Often, when a defendant business approaches a case, determining the financial bottom line of that case is the single focus of the business and its lawyers. The formula is simple – what is the likely outcome of the trial, plus defense costs? That is where the defendant looks to settle the case, depending on the specific circumstances of said personal injury case, and where the experience of a personal injury lawyer comes into play.
For example, let’s say the plaintiff has $5,000 in medical bills from a car accident, and the facts of the case suggest most juries would award about $10,000. This would seem to suggest that $15,000, give or take, is where the defendant would look to settle before expending costs. This is a microeconomic approach to each case.
However, more and more, insurance companies are taking a macroeconomic approach to each case. Rather than treating each case individually, they are approaching these cases as part of an overall litigation strategy aimed at minimizing the recovery that victims of car crashes take home – regardless of what the victim may truly deserve. The hope is that the victim will be so afraid to go to trial that he or she will settle for much less than the value of the claim, and that is how the insurance company ultimately makes its money.
Here is an example using the same scenario: The defendant’s insurance company admits fault for the accident. The plaintiff has $5,000 in medical bills, and the facts of the case suggest that most juries would award $10,000 in noneconomic damages. However, the insurance offers to settles for only $2500, half of the medical charges, even though they admit fault. If the insurance company goes to trial, it could very possibly lose ten times that amount in both damages paid to plaintiff and fees paid to his or her attorney. Not only does that not make financial sense on that specific case, it is wildly unfair to the victim.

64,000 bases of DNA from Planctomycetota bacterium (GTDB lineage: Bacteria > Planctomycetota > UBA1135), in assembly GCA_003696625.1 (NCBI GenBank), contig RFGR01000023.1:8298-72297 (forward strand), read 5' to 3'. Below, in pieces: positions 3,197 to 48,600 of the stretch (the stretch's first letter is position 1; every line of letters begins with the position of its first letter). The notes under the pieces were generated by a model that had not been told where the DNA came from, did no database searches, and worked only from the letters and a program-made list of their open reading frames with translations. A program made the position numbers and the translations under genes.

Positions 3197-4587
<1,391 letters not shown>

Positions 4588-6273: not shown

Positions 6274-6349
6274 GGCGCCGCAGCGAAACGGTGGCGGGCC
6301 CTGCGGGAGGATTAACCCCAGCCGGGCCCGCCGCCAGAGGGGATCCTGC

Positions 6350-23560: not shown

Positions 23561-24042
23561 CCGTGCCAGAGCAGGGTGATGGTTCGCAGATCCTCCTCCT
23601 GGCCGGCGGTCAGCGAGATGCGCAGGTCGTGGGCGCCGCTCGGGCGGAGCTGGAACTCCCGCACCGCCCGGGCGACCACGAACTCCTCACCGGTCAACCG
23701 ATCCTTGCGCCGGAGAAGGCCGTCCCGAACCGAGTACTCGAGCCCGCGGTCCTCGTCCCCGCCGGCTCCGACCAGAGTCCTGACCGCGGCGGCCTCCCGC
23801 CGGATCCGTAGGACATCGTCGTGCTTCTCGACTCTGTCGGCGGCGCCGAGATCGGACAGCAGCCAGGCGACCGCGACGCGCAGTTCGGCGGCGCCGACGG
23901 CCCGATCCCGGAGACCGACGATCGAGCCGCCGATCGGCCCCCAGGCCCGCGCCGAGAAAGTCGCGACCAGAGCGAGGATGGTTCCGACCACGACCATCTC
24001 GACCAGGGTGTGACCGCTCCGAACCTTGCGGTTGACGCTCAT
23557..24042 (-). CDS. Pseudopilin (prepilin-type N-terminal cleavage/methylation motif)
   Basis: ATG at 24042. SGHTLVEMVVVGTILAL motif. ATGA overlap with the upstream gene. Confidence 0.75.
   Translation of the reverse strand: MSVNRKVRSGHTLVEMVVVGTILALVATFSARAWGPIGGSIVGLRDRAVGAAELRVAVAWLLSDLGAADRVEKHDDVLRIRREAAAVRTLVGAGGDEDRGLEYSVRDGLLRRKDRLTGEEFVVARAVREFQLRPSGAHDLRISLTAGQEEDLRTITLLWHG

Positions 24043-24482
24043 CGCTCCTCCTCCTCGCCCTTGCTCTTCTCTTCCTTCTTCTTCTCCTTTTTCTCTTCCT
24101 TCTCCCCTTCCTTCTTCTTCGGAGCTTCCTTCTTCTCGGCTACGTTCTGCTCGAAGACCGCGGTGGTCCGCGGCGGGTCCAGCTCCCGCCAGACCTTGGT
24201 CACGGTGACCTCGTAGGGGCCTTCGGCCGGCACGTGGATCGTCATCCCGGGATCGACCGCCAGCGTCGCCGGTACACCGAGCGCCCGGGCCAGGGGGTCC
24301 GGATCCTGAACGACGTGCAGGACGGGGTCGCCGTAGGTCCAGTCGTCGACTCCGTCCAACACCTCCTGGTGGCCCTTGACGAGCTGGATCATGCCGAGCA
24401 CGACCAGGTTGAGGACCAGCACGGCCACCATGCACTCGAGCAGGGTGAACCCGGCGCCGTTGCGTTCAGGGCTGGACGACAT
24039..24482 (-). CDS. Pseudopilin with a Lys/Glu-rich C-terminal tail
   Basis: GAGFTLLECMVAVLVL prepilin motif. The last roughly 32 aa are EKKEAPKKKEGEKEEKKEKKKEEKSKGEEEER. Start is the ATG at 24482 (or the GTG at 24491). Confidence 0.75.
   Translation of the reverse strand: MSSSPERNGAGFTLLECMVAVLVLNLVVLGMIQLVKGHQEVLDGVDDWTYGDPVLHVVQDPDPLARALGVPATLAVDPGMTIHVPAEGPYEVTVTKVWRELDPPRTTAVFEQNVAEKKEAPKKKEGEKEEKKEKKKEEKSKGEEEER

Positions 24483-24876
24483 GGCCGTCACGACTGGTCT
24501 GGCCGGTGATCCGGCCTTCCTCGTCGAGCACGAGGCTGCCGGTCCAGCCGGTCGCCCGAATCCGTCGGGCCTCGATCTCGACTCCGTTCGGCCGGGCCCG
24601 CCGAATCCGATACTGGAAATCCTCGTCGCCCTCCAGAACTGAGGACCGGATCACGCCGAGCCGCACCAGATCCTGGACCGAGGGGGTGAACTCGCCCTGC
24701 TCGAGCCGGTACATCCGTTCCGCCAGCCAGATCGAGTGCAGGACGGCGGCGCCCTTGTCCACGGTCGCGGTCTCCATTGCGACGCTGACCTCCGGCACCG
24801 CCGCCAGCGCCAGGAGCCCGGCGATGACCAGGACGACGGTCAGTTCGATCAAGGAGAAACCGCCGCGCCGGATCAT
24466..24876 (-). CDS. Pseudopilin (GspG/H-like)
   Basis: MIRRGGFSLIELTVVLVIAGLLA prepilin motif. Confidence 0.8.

But on a macroeconomic stage, it will save the insurance company money, as most will settle the case for much less than the worth of the claim. Who cares if the victim gets low-balled in the process? So often, I hear politicians talk about “frivolous lawsuits,” which is nothing more than tort reform rhetoric paid for by insurance company lobbyists, and I think about these insulting offers put forth by insurance companies. No one ever talks about these insurance companies and their frivolous offers. The bottom line is you want a personal injury attorney who is not afraid to take your case against the insurance company to trial, and this is often the only way to hold them accountable.